a woman in a dress holding a megaphone

It’s post-COVID, late in 2022. You’re sporting new Chanel sunglasses with a nearly indiscernible logo. The people passing you on the street wouldn’t necessarily recognize your bag as an Hermes, unless they’re also in the club. Your gold hoops — not 1-inch, not 2-inch, but a subtle 1.5-inch — signal there’s something rare about you. Like spotting a celebrity in the wild, people notice, but they’re not sure why. There’s just something special about you, something that exudes wealth, privilege, power.

Fast forward to spring 2024. The bubble has popped or is at least eminently inflated. Most of us have had a small reality check. That bag, those glasses, even the hoops now feel, if not gauche, then at the very least, frivolous. You worry about appearing out of touch. But, on a more pragmatic level, you worry about your actual finances. Enter “loud budgeting.” A trend that gained traction on social media, loud budgeting describes a way of conducting personal fiscal responsibility that involves public accountability. People who are part of this movement share their financial goals on their social streams and with their friends.

The budgeting side of the phrase involves acts like turning down invitations to pricey dinners, vowing to upcycle clothing, revisiting the value of items already owned and weighing the value of new purchases. The loud element refers to the way in which these decisions and practices are communicated; we tell others, online or verbally, what we want to do, to achieve, to overcome. To an outsider scrolling posts, it may seem self-righteous, but a publicly stated goal carries a much greater degree of accountability. Failure feels more acute when there’s an audience, so we typically work harder to succeed. We can easily justify skipping the gym on a given day, but it’s more difficult when we’ve made plans to work out with a buddy.

By nature, humans experience embarrassment and shame at every life stage. Whether we’re an awkward tween girl, or a mature woman running her own damn life, it’s still an emotion we actively try to avoid. It’s a motivator. There’s inherent value in the threat of contradicting yourself publicly – ask any politician. 

On the positive side, the emotional benefits of loud budgeting can be as strong as the financial benefits. People who clearly state their goals and stick to them will feel a sense of empowerment, and experience less stress and uncertainty.

Loud budgeting doesn’t reflect wealth or lack thereof. Rather, it’s about creating transparency and developing boundaries. Maybe you’re genuinely trying to tighten spending due to very real concerns. Interest rates remain high. Housing prices in the Keys are untenable for most working people. Stock markets are volatile. Wages, in most cases, haven’t increased enough to keep pace with rising costs of living. So yes, it’s a very real possibility that your numbers aren’t adding up the way you’d like at the end of the month, and some budgeting measures are necessary. Stating those intentions can help keep things on track.

Let’s say you find yourself in a more fortunate position. Maybe there’s a little play money left after all the bills are paid — a little extra is flowing into savings and retirement. Great. Well done. But that doesn’t mean you don’t, or shouldn’t, have financial goals. Loud budgeting can still be a helpful tool in reaching your goals, whatever they may be.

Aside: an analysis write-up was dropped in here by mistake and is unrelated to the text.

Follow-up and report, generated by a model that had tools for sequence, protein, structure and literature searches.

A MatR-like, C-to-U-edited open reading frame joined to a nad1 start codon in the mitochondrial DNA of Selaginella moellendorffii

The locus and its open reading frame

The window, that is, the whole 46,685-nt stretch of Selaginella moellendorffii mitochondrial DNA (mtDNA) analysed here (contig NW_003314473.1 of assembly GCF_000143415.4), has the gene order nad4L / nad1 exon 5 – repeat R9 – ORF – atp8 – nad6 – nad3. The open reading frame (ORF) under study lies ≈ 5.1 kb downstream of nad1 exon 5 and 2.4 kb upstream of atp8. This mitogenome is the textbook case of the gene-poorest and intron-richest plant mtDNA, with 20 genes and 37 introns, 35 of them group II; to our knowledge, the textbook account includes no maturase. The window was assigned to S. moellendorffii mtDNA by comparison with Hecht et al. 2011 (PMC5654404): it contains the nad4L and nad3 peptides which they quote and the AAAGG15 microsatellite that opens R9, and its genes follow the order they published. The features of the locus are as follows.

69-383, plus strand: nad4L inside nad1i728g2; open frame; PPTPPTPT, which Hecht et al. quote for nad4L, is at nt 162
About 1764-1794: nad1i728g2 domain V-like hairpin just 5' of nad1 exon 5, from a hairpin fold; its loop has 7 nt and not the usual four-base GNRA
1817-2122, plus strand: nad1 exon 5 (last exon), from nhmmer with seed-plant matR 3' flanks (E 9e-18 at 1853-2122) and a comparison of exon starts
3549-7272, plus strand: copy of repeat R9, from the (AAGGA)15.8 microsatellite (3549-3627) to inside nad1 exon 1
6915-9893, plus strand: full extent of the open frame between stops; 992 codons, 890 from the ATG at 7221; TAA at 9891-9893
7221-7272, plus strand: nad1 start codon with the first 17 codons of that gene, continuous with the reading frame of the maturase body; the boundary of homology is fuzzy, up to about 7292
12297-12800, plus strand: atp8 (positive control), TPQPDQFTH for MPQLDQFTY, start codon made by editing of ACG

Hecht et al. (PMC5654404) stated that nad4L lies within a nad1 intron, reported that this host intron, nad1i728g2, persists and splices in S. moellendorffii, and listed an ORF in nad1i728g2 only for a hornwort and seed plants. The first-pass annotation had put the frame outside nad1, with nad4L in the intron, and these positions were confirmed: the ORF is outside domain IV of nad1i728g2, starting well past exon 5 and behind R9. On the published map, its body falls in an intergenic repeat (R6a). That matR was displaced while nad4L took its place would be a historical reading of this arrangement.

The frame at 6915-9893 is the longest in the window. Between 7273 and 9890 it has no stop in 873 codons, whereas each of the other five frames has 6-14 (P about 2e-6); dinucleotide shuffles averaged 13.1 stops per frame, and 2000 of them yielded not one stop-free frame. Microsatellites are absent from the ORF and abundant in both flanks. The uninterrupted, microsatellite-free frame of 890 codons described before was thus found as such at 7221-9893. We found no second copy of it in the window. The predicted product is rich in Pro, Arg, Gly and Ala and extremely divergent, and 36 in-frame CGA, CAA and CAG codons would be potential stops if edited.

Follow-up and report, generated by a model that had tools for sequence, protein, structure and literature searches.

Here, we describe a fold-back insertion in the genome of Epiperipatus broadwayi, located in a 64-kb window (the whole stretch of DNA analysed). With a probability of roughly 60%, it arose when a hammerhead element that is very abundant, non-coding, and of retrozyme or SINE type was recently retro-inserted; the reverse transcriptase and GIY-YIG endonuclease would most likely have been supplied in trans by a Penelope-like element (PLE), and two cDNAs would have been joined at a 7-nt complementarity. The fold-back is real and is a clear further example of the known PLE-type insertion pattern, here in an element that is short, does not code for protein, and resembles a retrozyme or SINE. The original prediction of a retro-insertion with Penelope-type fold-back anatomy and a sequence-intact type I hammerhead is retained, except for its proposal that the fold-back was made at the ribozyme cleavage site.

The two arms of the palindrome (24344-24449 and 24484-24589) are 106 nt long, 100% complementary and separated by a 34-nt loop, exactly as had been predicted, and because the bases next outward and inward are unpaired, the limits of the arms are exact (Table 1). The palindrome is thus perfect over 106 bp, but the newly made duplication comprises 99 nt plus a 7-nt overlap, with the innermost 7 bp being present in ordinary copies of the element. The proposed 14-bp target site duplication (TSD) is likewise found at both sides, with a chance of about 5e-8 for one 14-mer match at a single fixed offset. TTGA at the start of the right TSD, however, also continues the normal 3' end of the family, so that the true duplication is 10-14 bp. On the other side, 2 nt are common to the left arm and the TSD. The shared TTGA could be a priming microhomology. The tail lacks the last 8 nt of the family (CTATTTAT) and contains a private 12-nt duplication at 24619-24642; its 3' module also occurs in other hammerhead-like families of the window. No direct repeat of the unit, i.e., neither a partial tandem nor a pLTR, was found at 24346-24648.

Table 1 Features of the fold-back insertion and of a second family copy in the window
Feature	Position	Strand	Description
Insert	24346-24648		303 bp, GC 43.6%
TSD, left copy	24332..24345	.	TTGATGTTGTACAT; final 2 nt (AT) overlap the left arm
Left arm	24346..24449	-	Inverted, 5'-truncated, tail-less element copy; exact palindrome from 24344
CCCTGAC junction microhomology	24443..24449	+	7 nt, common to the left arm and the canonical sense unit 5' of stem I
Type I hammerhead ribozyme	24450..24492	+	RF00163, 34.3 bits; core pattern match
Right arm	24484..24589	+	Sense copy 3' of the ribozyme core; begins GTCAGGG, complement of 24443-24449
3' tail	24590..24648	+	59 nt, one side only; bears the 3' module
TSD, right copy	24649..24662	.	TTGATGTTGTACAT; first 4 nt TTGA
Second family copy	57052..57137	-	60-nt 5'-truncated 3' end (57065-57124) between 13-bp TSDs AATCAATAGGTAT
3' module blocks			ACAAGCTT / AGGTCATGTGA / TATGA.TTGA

Another positive element of the trend is that it doesn’t exist purely as a reflection of self. Yes, you’re managing your own accountability and the emotions that relate to that, but you’re also engaging friends and family. People in your corner will likely cheer you on. In hearing your goals, more (ahem) “self-aware” friends may reconsider the offers they’re putting forth. Instead of facing a glut of spendy dinners you feel compelled to turn down, you may find yourself being invited to the dog park, the beach, for a walk or an inexpensive happy hour.

The contradiction of social media as a part of daily life is that it operates like a floodlight. We see the cracks in the infrastructure, and unfortunately sometimes in ourselves, but we also learn. It removes the mystery of topics like financial literacy. It provides easily accessible answers to questions we may be embarrassed to ask. In this way, the platform is actually propping up the movement. The desire for greater fiscal responsibility has spawned a number of “challenges” that encourage good habits. The “cash-only challenge” or the “eating-in challenge” offer fun, friendly ways to hone better spending skills.

Ultimately, most of us are finding ourselves seeking betterment – we’re trying to eat better, move our bodies, pay off debt, save for the future. Loud budgeting removes the stigma associated with an underdeveloped financial literacy, while helping to build those skills. The element of accountability helps people stick to their goals, and the buy-in from a network of friends and family makes the whole process a little more fun. So, while there’s no need to shove that Hermes bag to the back of the closet, you’ll no longer feel as concerned about whether or not anyone is noticing. Just rethink it, and maybe alert a few people, before you consider buying another. 

Erin Stover Sickmen
Erin gets to flex her creative muscle as Artistic Director of the Studios of Key West but has also completed a graduate degree at Harvard, served as a National Park Service Search and Rescue volunteer, visited all 50 states, rescued a 300lb sea turtle, nabbed the title of Key West Ms. Gay Pride, and gotten involved with Special Olympics. She says yes to pretty much everything. Luckily her wife, daughter and crazed terrier put up with this.